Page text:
Continuing our tour through the Mammoth Hot Springs. It was a surprise for me to learn that the hot spring colors are produced by living creatures! Thermophiles are microorganisms that thrive in heat. Those living in the hottest water are colorless or yellow.
The people of the Shoshone and Bannock tribes came to Mammoth to collect minerals to make white paint.
Cooler waters contain orange, brown and green thermophiles. Sunlight also influences which colors you may see.
When hot springs rise up through limestone, they dissolve calcium carbonate. The resulting calcite is then deposited, creating travertine terraces.
These are the Palette Spring terraces coming down from the thermal pool above them.
.To my surprise, there were quite a few birds hopping about, including a chipping sparrow (Spizella passerina) and very colorful yellow-rumped warblers (Setophaga coronata).
Mountain bluebirds (Sialia currucoides) were a delight to see.
The trail through the Hot Springs complex winds around for more than 2 miles. As I was walking along one area at the bottom of a steep hill, some fellow tourists approaching me said there was a coyote going up the hill further on. I hurried on and caught sight of him as he neared the top.
You reach the Upper Terraces by climbing steep stairs.
There were more trees along the upper pathway with fumaroles (venting steam) nearby.
I did catch sight of some eagles soaring over the large flat springs expanse, but I was happy to go back down to the lower terraces. (Unfortunately, sliding my gloved hand down a wooden railing on the descent gave me a splinter in my palm that I did not manage to get out completely. I had a very sore hand for quite some time: unwanted souvenir!)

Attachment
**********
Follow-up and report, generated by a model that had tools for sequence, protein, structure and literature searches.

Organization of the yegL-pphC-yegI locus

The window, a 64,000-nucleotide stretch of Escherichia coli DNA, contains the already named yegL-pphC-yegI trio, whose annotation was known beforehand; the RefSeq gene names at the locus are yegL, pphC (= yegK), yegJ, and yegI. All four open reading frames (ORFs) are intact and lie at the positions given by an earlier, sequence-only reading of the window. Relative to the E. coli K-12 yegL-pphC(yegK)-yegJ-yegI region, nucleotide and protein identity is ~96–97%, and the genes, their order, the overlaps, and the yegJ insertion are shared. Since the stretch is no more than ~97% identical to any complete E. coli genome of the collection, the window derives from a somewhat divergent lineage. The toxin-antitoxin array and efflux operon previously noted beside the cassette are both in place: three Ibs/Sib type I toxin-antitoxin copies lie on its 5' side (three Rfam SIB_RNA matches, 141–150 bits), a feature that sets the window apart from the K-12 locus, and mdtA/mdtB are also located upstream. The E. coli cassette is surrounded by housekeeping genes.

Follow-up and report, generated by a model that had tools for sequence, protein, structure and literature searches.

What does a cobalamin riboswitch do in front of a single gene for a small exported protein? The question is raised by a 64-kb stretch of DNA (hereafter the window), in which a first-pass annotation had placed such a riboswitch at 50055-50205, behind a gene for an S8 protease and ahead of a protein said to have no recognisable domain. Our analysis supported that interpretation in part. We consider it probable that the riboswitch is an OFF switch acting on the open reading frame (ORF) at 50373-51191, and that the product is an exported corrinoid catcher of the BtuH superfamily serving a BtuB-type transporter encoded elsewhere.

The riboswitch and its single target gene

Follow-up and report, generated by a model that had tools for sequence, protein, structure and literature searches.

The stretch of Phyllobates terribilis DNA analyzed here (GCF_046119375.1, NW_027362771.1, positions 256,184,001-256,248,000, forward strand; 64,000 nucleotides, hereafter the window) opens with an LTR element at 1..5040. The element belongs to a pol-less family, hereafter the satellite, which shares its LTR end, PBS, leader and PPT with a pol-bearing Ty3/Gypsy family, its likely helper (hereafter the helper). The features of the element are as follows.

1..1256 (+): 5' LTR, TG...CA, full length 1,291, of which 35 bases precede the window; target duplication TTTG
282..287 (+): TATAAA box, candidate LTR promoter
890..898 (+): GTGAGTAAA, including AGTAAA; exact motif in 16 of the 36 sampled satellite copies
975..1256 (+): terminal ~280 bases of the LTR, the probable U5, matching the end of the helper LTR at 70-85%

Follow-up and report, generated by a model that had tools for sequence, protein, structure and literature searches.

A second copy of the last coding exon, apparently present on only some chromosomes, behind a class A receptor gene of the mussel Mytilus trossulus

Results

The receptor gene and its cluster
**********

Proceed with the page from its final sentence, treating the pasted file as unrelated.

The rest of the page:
I lost track of exactly which places had which names — looking them up on the Internet is not always helpful because the Mammoth features have changed considerably over time. When a hot spring remains dormant for a long time, it will eventually be covered by soil and again create an environment for trees and flowers. To complicate matters, the names of sites have changed over time.
The name Cleopatra Spring has been given to at least three different sites over the years. The original Cleopatra Spring eventually came to be called Minerva Spring. This was, I believe, the current Cleopatra Terrace.
When trees are flooded by hot water, they absorb calcium carbonate. This hardens their veins so they cannot absorb “normal” water and nutrients and they harden into what look like petrified trees which may stand for decades.
The hot springs were an early commercialized attraction for those seeking relief from ailments in the mineral waters.
Today, to preserve these unique and fragile features, soaking in the hot springs is prohibited.
Next stop in Yellowstone: The adorable red dogs!